A St. Louis high school guidance counselor was awarded over $6 million in damages for sex discrimination and retaliation after being held to a different standard than his female colleagues.
The jury awarded Ron Spivey $940,000 in compensatory damages for lost wages, benefits and emotional distress. Jurors tacked on an additional $5.2 million in punitive damages after concluding the St. Louis Public School District’s conduct was “outrageous” due to its “reckless indifference to the rights of others.”
Spivey worked at Soldan International Studies High School for over 14 years as a guidance counselor and track and cross-country coach. Spivey said he’d received positive reviews for most of his tenure until the school hired a new vice principal.
Spivey attorney Julianne Germinder says once ChanTam Trinh became vice principal in 2013 Spivey was held to a different standard than his female colleagues.
“He was the only one who was being criticized, put on performance improvement plans and ultimately terminated for doing the thing that everybody was doing,” Germinder said, according to Missouri Lawyers Media.
The lawsuit argued the female Trinh favored the younger women and “frequently demeaned, belittled and yelled at Spivey, the only male counselor at the high school.”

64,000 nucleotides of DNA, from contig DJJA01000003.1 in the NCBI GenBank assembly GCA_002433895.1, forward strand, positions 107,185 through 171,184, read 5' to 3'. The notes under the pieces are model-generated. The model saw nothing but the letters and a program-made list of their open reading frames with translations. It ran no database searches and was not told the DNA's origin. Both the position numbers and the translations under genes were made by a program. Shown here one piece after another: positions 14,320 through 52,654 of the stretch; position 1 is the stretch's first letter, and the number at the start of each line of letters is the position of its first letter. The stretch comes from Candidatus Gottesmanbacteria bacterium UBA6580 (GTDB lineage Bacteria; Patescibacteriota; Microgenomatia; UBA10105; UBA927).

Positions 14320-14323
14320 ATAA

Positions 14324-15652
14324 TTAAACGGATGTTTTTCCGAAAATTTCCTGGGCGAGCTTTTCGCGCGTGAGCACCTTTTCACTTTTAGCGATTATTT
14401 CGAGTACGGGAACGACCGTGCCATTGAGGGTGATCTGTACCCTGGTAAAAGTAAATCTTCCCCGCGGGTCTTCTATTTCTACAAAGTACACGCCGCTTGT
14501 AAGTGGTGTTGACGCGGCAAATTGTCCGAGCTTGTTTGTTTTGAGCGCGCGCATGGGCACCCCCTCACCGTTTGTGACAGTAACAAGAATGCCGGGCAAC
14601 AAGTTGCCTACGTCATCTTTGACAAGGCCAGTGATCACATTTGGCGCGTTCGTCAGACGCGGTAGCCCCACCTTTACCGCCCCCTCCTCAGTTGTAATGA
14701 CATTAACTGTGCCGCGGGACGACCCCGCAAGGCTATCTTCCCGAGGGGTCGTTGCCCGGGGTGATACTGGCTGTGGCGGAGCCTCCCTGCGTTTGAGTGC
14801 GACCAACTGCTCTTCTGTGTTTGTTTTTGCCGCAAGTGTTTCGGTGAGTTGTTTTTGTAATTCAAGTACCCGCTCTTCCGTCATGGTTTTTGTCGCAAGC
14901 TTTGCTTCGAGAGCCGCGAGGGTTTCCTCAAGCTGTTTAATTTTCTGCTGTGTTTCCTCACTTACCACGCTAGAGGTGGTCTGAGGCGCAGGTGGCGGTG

In 2017, Trinh put him on a performance improvement plan that Spivey claimed was designed for him to fail. He filed a complaint with the school district, but the district didn’t investigate the complaint, according to KMOV4.
In March 2017, Trinh failed Spivey on his performance improvement plan. When Spivey requested a transfer to a different high school the transfer was arranged but then blocked. Instead, Spivey was fired without explanation by the school district.
The school district claimed Spivey was ineligible for a transfer, but evidence showed that his transfer had indeed been approved by the district’s director of performance management, according to KMOV4.
Spivey was replaced by a female counselor with less experience, reports St. Louis Today.
Spivey filed a discrimination complaint in September 2017 with the Missouri Commission on Human Rights before filing a lawsuit.
St. Louis Public Schools spokesperson George Sells said, “We are disappointed with the verdict that was reached and are exploring our options for an appeal.”